Enjoyed reading it but to be honest I had higher expectations from this book. Aslam wrote it well but it kept comparing his writing with naps of lost lovers which was far more rich in context compared to seasons of the rainbird. Overall, still enjoyed reading it.
Natalia Saeed
Story of a small time - which I could picture perfectly in my mind but what frustrated me was that we never got a chance to read any of the 'missing letters'!! I liked the small town characters but excepted some sort of conclusion of the 'mess' towards the end.
Val
I loved this book, and his other one set among Pakistani immigrants to the UK: Maps For Lost Lovers. Both books are character driven and the author is very good at characters, even his least sympathetic characters evoke a certain amount of sympathy once you understand them.
The plot of this, his first novel, is a little weak. It is sufficient to give a structure to contain the characters, but little more than that. His second is much more accomplished and I really wanted to know the story as well
...more
Poonam
Like all Nadeem Aslam books, it had a very lyrical quality. Descriptions of nature and inane things were beautiful. It is about Pak society where people are governed by religion and strictures. Yet rich and corrupt survive.
Kumam
four stars especially for the beauty of the prose which is nadeem's outstanding quality in writing.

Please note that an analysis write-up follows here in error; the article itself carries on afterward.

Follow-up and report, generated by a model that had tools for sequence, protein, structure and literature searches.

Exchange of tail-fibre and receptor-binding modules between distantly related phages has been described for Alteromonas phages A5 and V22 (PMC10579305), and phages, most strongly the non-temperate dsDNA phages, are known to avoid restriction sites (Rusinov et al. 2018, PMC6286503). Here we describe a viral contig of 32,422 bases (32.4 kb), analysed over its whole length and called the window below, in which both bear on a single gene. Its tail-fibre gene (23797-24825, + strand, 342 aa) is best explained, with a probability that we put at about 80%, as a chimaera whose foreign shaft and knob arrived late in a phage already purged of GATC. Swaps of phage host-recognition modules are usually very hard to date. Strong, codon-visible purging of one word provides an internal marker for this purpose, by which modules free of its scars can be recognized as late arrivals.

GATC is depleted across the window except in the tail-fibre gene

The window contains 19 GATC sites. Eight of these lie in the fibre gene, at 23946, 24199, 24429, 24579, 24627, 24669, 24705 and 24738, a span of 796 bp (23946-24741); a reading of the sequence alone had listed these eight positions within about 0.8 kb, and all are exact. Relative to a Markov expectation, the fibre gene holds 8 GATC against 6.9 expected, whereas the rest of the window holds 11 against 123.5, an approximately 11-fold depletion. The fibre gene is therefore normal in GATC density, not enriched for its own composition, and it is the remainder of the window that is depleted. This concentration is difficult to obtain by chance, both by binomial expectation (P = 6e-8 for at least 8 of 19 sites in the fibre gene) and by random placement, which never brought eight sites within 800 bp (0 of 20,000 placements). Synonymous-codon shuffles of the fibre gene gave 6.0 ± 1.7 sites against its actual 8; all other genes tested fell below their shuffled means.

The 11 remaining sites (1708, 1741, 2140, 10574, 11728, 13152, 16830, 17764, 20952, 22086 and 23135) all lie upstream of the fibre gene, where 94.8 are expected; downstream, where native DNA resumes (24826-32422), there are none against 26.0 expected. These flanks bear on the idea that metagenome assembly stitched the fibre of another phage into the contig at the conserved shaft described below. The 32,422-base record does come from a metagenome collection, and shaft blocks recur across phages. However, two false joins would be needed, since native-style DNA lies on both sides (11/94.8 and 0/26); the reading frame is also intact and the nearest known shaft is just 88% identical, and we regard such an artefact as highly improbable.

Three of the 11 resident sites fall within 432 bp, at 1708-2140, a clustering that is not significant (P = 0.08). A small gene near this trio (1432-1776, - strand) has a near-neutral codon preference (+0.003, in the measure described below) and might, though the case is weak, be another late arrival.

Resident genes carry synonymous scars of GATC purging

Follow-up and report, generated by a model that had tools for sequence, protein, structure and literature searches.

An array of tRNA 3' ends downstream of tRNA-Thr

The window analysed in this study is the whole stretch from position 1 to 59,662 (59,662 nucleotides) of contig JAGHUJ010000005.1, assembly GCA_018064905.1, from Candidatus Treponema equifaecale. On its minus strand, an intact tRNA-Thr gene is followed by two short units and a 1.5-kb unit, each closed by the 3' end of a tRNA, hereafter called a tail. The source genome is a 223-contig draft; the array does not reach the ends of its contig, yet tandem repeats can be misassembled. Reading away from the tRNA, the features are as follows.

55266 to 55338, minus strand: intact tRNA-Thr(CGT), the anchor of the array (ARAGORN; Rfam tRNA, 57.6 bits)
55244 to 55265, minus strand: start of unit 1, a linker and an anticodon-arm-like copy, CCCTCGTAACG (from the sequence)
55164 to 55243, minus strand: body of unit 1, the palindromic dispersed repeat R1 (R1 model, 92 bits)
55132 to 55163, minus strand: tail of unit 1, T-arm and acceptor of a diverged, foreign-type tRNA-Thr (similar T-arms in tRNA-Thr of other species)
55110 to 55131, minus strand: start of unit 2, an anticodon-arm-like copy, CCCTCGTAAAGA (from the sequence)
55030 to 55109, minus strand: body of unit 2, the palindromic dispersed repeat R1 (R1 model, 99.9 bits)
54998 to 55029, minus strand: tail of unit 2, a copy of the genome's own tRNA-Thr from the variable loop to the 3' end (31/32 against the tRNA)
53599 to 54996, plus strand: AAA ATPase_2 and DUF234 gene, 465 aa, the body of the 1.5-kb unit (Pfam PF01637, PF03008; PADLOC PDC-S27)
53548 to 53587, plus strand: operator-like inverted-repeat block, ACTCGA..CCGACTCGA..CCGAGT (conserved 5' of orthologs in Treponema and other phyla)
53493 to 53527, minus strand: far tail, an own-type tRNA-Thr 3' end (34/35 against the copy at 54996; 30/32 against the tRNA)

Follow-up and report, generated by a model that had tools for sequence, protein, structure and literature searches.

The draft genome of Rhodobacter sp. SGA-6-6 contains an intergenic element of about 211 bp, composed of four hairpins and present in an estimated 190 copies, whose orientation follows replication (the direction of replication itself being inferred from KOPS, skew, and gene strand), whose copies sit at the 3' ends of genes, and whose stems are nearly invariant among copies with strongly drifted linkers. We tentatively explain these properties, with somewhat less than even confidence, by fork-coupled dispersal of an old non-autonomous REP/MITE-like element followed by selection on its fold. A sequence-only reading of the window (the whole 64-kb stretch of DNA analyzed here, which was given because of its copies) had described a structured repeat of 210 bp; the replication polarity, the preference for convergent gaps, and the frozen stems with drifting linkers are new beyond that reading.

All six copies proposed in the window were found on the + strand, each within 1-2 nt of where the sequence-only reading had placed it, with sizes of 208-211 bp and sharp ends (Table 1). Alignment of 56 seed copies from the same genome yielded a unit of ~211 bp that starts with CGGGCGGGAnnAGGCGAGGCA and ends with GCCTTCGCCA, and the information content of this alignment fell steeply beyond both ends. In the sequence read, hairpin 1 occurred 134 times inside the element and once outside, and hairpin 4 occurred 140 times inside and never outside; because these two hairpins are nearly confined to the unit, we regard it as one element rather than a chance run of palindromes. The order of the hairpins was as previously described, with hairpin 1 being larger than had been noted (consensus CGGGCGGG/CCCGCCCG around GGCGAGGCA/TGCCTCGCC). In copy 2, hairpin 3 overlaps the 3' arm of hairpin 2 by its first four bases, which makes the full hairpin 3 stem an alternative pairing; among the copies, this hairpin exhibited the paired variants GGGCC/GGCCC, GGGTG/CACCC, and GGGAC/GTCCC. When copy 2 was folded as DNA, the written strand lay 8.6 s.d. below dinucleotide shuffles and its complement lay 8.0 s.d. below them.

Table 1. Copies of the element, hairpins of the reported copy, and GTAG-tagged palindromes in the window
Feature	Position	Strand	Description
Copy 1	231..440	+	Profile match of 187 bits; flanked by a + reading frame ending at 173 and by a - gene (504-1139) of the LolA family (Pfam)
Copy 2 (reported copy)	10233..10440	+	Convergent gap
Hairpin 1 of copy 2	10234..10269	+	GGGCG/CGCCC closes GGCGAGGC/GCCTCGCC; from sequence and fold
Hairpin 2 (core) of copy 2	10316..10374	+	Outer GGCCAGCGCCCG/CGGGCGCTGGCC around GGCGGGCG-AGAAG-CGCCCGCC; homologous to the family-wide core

Athena
Well written but quite ambiguous. While I enjoy that sort of thing, some loose ends should have been tied.
Toqeer
Feb 04, 2015 Toqeer added it
i need full text book of this novel
Aldeena
Written in Aslam's signature poetic style, the story had me captivated. I wish the ending had had more of an impact on me, like 'Maps' and 'Wasted Vigil' did. But nevertheless, the story had me spellbound, as he usually does. Like with most of his novels, the rain, the water lizards, the letters, all these elements are like characters in the story, having a life of their own. That's the beauty of his writing! You can see every scene, see every bit, right before your eyes...
Nasim
This is the first Nadeem Aslam I've read and though I loved the writing, I was simply confused by who was who, which made it a struggle to read. In the end, I stopped trying to work out who the characters were and just enjoyed the words.
Becky
This started out as a good book. The characters and story draw you in. However, there is no resolution to the plot lines which is extremely frustrating. I rarely don't recommend books but I wouldn't really recommend this one.
Tracy
Not my favorite of his novels (his first), but still a fun read. Personally, I think that his writing matures significantly since this one. I would more recommend Maps for Lost Lovers or The Wasted Vigil.